Frequency of Resistance Rates of 48 Isolates to Selected Antibiotics
Figure 2. Frequency of Resistance Rates of 48 Isolates to Selected Antibiotics

4.1. Statistical Analysis

The results of this study were analyzed by using χ2 test for comparing the means. Statistical analysis revealed that resistance to metronidazole was significantly higher in female than in male patients (P = 0.001). Concerning clarithromycin and amoxicillin, the percentage of resistance in female patients was 13.8% and 6.9%, respectively and in male patients was 15.8% and 0%, respectively, whereas, the differences in resistance to these two antibiotics among the isolated strains from both female and male were not significant, P = 0.58 and 0.36, respectively.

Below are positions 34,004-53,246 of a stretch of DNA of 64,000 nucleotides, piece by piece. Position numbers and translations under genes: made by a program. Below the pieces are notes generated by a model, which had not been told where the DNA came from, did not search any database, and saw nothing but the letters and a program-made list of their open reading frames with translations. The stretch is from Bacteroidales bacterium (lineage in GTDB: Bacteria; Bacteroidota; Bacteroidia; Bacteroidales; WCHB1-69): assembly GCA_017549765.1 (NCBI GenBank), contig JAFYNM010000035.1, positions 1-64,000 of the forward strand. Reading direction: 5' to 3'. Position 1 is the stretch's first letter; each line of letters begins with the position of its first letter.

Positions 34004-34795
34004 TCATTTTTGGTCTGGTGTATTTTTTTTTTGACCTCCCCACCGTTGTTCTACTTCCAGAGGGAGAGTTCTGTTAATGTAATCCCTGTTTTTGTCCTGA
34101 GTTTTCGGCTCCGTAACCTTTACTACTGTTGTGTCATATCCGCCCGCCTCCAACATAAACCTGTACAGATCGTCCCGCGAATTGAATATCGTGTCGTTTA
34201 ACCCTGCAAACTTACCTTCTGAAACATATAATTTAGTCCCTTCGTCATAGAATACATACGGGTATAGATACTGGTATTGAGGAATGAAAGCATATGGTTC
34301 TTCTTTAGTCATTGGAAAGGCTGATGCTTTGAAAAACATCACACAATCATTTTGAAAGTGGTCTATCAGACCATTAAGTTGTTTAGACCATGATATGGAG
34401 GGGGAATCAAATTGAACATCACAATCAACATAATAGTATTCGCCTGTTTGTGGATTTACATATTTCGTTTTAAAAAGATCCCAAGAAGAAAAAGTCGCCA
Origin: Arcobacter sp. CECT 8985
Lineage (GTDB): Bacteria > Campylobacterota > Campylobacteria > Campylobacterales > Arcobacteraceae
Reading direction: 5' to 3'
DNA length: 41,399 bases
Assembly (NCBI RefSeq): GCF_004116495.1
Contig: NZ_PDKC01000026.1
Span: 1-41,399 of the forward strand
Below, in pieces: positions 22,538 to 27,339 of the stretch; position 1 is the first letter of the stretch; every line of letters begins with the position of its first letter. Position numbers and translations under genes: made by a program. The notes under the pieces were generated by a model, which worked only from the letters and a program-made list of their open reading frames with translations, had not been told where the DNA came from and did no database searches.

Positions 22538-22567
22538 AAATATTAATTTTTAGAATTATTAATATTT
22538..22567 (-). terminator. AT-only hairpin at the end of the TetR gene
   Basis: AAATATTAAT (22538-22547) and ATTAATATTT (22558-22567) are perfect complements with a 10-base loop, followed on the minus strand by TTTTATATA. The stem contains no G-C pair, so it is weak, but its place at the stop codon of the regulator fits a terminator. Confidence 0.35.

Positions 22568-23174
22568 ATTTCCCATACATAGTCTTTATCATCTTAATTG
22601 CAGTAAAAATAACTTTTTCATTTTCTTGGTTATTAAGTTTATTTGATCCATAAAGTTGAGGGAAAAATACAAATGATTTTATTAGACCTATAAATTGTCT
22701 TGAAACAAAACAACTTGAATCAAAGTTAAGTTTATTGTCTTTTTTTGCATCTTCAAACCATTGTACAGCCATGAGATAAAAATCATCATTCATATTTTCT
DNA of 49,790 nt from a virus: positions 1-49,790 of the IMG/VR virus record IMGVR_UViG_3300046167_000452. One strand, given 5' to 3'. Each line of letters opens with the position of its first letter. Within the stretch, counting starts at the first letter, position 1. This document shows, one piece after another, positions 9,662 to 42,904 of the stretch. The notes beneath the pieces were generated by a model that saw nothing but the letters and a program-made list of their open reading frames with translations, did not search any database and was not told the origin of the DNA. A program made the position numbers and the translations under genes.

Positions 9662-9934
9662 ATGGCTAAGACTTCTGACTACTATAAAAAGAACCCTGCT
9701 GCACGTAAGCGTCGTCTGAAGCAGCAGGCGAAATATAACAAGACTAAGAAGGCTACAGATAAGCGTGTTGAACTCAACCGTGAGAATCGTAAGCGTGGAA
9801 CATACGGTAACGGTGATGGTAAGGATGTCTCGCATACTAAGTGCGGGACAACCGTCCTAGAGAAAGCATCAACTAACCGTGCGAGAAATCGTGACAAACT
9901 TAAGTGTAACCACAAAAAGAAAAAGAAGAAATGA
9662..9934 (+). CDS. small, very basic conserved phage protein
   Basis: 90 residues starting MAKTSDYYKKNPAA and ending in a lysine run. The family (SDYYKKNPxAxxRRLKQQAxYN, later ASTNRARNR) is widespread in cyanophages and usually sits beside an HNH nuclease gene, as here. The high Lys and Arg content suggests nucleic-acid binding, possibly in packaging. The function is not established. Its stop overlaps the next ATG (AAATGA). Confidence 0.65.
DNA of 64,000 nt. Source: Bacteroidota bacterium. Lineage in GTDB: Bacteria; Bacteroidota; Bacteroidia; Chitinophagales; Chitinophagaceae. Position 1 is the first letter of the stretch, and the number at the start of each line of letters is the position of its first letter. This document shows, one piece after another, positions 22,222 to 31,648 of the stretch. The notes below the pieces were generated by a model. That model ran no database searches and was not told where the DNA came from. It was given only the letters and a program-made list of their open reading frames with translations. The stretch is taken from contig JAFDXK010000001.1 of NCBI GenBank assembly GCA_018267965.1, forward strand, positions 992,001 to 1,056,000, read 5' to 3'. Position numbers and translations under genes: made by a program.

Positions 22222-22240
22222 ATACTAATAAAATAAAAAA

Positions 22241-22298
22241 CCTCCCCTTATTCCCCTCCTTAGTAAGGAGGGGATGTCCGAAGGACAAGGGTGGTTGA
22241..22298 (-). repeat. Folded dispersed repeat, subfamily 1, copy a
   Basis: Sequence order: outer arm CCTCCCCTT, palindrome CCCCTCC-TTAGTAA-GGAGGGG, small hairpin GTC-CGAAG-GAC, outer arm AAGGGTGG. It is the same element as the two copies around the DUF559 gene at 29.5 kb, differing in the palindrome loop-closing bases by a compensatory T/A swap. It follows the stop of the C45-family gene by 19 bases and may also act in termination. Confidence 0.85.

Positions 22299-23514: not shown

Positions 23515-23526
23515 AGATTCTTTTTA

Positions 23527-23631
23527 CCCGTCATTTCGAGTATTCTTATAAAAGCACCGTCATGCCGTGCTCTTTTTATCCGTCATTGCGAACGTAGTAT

5. Discussion

H. pylori infect the majority of the adult population in developing countries including Iran. The rate of infection in Iranian adults according to serological data reaches 80% (23). Resistance to antimicrobial agents of H. pylori is of particular concern because it is a major determinant in the failure of eradication regimens. Antimicrobial drug resistance has been reported for nitro-imidazoles, macrolides, fluoroquinolones, amoxicillin, rifabutin and tetracyclines (24-27). Therefore, susceptibility testing of H. pylori is becoming increasingly important in order to curepatients properly.